The day after winning a sizeable majority in the Ontario election, Premier-designate Doug Ford began to lay the groundwork for that time-honoured tactic deployed by all new governments: blame the old bunch for why you can’t live up to your election promises.
Speaking to reporters on Friday, he reiterated some of his campaign promises to cut taxes, cut hydro bills and cut hospital wait times. Then he was asked what his first act as premier would be. “First we have to look at the books,” he said. “We have to see the financial situation that’s been left behind.”
And so begins the countdown to Ford’s future pronouncement that he’s shocked, shocked, to discover what the Liberals were hiding about the true size of the deficit.
READ: How Doug Ford did it
If Ford does deliver that speech, it’s not all that hard to predict what he will say. In fact, let’s try to do just that.
Here is a draft of a speech similar to what Ford might make after he gets a “look at the books.” It’s inspired by speeches and comments from the two masters of that political tactic in Ontario—former PC premier Mike Harris (and his finance minister Ernie Eves) after they took over from Bob Rae’s NDP government in 1995, and former Liberal premier Dalton McGuinty (and Greg Sorbara, his finance chief) after beating Eves’s PCs in 2003.
Who said it?
- Progressive Conservative leader Mike Harris, after taking office in 1995
- Liberal leader Dalton McGuinty, after taking office in 2003
- Progressive Conservative finance minister Ernie Eves, 1995
- Liberal finance minister Greg Sorbara, 2003
Friends, I stand before you today to share some difficult news. We campaigned on a promise to dig Ontario out of the debt piled up by the Liberals. But the situation is far worse than we could have ever imagined.
It seems that every single day we discover another mess. It doesn’t seem to matter what kind of a rock we look under—we find another mess left to us by the previous Liberal government.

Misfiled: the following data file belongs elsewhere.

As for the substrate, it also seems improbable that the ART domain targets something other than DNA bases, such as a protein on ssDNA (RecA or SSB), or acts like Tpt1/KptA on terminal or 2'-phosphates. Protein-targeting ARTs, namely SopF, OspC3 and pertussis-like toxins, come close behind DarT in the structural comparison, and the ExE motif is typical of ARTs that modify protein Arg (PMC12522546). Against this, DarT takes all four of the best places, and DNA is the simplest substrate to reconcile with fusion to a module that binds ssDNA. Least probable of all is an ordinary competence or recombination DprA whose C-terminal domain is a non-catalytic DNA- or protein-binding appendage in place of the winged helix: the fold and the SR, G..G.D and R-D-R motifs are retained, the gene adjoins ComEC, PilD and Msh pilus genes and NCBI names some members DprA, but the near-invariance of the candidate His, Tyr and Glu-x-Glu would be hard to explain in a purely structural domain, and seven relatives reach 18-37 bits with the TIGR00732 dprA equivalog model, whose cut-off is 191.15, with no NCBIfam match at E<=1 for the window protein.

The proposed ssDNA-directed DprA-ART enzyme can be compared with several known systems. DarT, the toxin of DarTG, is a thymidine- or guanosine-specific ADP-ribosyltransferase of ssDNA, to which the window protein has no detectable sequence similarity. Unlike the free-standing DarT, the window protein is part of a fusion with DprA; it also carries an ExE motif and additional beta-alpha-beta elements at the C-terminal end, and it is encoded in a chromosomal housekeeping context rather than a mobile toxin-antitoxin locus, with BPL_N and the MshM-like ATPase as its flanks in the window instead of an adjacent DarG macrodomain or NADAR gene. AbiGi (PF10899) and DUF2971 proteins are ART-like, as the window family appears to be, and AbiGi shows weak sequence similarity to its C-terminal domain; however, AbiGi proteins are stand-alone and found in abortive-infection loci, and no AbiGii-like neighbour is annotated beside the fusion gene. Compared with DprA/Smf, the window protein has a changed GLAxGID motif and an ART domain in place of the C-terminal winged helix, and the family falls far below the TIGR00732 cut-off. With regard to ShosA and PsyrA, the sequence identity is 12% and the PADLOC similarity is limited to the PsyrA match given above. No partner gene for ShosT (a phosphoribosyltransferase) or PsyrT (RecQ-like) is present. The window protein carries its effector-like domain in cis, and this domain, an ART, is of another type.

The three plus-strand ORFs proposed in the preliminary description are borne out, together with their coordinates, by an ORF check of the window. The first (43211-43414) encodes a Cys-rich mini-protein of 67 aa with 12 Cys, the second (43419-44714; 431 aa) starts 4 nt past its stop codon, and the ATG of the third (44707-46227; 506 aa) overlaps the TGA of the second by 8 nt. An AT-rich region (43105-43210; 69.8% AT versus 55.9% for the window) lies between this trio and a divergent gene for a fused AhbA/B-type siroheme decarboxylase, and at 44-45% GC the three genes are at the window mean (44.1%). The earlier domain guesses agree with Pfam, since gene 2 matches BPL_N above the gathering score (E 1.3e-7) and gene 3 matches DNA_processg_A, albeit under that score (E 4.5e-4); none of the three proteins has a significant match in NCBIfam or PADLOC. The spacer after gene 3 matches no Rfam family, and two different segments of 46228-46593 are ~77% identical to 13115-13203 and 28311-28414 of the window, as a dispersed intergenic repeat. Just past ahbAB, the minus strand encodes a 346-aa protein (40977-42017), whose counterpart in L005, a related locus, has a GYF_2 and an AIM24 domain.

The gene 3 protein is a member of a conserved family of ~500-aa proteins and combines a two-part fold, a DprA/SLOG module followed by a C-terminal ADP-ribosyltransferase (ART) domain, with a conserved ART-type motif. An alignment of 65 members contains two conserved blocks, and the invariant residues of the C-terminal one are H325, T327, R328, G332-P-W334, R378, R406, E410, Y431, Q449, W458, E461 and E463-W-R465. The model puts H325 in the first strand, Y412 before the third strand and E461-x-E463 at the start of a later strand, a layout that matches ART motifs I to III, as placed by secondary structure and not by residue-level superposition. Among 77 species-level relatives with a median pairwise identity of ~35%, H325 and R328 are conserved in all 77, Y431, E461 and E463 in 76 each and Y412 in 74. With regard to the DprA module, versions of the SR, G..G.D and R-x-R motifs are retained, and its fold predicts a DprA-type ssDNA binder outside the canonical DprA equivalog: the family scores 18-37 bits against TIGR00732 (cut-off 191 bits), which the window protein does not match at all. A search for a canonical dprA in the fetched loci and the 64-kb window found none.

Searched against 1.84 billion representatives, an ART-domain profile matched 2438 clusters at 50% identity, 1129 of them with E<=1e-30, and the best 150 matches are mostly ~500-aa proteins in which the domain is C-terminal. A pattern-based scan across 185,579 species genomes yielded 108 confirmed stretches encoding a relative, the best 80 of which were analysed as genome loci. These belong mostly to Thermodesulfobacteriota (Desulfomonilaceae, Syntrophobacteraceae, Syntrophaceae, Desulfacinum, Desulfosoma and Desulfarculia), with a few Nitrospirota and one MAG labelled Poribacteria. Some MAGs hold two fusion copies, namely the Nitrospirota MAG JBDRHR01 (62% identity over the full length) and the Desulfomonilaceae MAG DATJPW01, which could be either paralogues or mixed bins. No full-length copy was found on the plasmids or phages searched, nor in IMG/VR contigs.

Ontario’s finances are certainly worse than the projections presented in March when the Liberals delivered their election budget. They promised a massive increase in the deficit that would pile even more debt onto the backs of the people of Ontario. Well folks, that wasn’t the half of it. Never has any provincial budget so inaccurately represented the state of the government’s finances.
I mean what happened to the truth here?
After years of the Liberals cooking the books, the hard-working people of Ontario now have a clear and unvarnished understanding of our fiscal situation.
And that means we have difficult decisions that need to be made.
The realization of just how much worse Ontario’s fiscal situation was under the Liberals is going to present some very serious challenges for us.
Folks, the time for honesty is now. During the campaign we said we would go line-by-line through the government’s books with the help of an independent auditor to find $6 billion in efficiencies. We also promised that no jobs would be lost.
The simple truth is that this new information changes that. The cuts we were envisioning won’t be enough to put Ontario on sound fiscal footing now that we know how much the Liberals were cooking the books. This could mean there are deeper cuts needed because of the unforgiving nature of the fiscal agenda. That’s one of the options that we have to look at. This means gut-wrenching changes both inside and outside government.
We’re going to consider some ideas which, to this point of time, might have been on the list of the unmentionables, those things that might be unthinkable.
Cutting the amount of money the government spends is obviously going to have to take place sooner and be deeper than any of us predicted or campaigned on in the election. We are looking at the downsizing of the civil service sooner rather than later. We haven’t ruled out this summer.
All expenditures, including subway lines, are on the table and they all have to be looked at.
Folks, the spending crisis our government inherited means that no other course of action is possible. There will be tough choices and difficult decisions to face. This is the road we must take if the people of Ontario are to prosper.
We are going to do what needs doing.